In October, Marco-Advisory, a leading strategic business consultancy focusing on the Eurasian economy, put out a report titled “Business-Government Relations in Russia – Why Some Oligarchs are Sanctioned and Others are Not.” While it praised EU’s recent decision to be more precise in its wording, the report still noted that “the current approach to sanctions targeting is based on a misunderstanding of how business and government relate to each other in Russia.”
To suggest, like the EU seems to be doing, that being “a leading businessperson” equates with the ability to influence the Russian government it to grossly mispresent their role and real impact. This is doubly so for CEOs of private Russian companies like Dmitry Konov of petrochemical company Sibur, Alexander Shulgin of e-commerce giant Ozon and Vladimir Rashevsky of fertilizer maker Eurochem, who were sanctioned by virtue of representing their corporations at meetings with President Putin. They have subsequently stepped down from their roles to reduce the risk for their companies. While Shulgin, alongside billionaires Grigory Berezkin and Farkhad Akhmedov, was lifted off the EU sanctions list on September 15, such decision is pending for many others that were sanctioned on similar grounds and with little consideration given to their actual roles or the fact that they, like Sibur’s Konov, have stepped down precisely because of sanctions imposed on them.
As Marco-Advisory put it, there is a very broad group of businesspeople “who have been sanctioned simply for being known in the Western media or because they are on rich lists, as their companies carried out IPOs in the UK or the U.S. or for other reasons, without having any sort of mutually beneficial relationship with the Russian government.” Ultimately, there appears to be little legal or even logical grounds to keep them sanctioned.
Given the bureaucratic, broad-based approach to imposing sanctions it is little wonder they have done little to approach their stated goal – that is, changing Russia’s course on Ukraine. If anything, they’ve only made the Kremlin more determined, while forced it to re-route its exports and financial flows to friendly countries like fellow BRICs China and India – something that may be impossible to reverse to the detriment of both Russia and Europe, whose relations are now poised to remain poisoned for years to come even assuming the Ukraine crisis is fully resolved.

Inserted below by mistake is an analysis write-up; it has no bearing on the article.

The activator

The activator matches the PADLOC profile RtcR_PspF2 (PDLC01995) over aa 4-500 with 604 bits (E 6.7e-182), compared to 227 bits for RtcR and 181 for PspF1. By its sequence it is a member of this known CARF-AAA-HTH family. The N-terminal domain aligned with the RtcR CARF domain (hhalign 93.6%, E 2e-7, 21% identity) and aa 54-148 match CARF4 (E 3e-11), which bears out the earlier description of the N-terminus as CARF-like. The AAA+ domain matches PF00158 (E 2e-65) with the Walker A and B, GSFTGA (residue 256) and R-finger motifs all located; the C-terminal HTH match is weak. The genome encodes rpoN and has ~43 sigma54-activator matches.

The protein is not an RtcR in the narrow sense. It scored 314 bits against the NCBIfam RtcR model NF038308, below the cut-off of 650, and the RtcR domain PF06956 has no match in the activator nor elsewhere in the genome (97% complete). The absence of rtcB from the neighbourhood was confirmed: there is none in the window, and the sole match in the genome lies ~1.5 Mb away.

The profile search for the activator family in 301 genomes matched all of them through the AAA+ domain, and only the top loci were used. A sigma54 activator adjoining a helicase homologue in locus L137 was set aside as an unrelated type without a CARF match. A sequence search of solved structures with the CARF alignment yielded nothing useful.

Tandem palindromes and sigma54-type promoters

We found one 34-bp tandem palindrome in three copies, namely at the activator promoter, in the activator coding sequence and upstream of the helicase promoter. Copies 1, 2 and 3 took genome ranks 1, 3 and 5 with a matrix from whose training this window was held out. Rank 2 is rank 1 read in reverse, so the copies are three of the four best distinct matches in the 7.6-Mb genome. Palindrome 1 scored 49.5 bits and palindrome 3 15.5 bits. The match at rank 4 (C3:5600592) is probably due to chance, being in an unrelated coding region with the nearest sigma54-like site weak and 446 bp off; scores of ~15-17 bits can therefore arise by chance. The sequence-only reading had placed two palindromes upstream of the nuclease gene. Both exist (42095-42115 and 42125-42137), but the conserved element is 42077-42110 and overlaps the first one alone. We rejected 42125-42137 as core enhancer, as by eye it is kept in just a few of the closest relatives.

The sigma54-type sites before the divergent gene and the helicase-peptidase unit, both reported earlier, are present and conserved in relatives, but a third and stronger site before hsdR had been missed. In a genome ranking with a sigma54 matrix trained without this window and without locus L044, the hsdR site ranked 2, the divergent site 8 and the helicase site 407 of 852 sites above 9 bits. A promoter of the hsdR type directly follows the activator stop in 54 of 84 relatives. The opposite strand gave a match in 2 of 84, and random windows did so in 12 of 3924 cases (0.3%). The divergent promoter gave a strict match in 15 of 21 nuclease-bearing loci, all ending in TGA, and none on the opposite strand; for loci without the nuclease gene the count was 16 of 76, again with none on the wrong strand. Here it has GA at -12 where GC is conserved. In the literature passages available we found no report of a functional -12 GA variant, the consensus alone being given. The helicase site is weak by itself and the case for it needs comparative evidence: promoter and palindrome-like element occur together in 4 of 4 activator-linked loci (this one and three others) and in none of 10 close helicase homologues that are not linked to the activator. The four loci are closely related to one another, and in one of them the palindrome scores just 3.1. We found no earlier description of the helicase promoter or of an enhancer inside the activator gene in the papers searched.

Even more so, the sanctions appear to have the opposite effect than the one envisioned by Western politicians even on the first-generation oligarchs, like Alfa Group’s billionaire Mikhail Fridman. Fridman, whose net worth Forbes puts at $12.6 billion, making him Russia’s 9th richest individual, was in October forced to return to Moscow from his London home. In a recent interview to Bloomberg News the billionaire said he was essentially “squeezed out” by excessive restrictions making it impossible to leave the life he was used to and even called his vast investment projects in the UK over the years “a colossal mistake”.
By getting rid of the “oligarchs” on its sanctions list EU decisionmakers seem to be moving in the right direction. Whether that is just a rebranding or a sign of a more ambitious re-framing of Europe’s sanctions policies is yet to be seen. After all, as the history of economic sanctions teaches us, they are much easier to impose than to lift.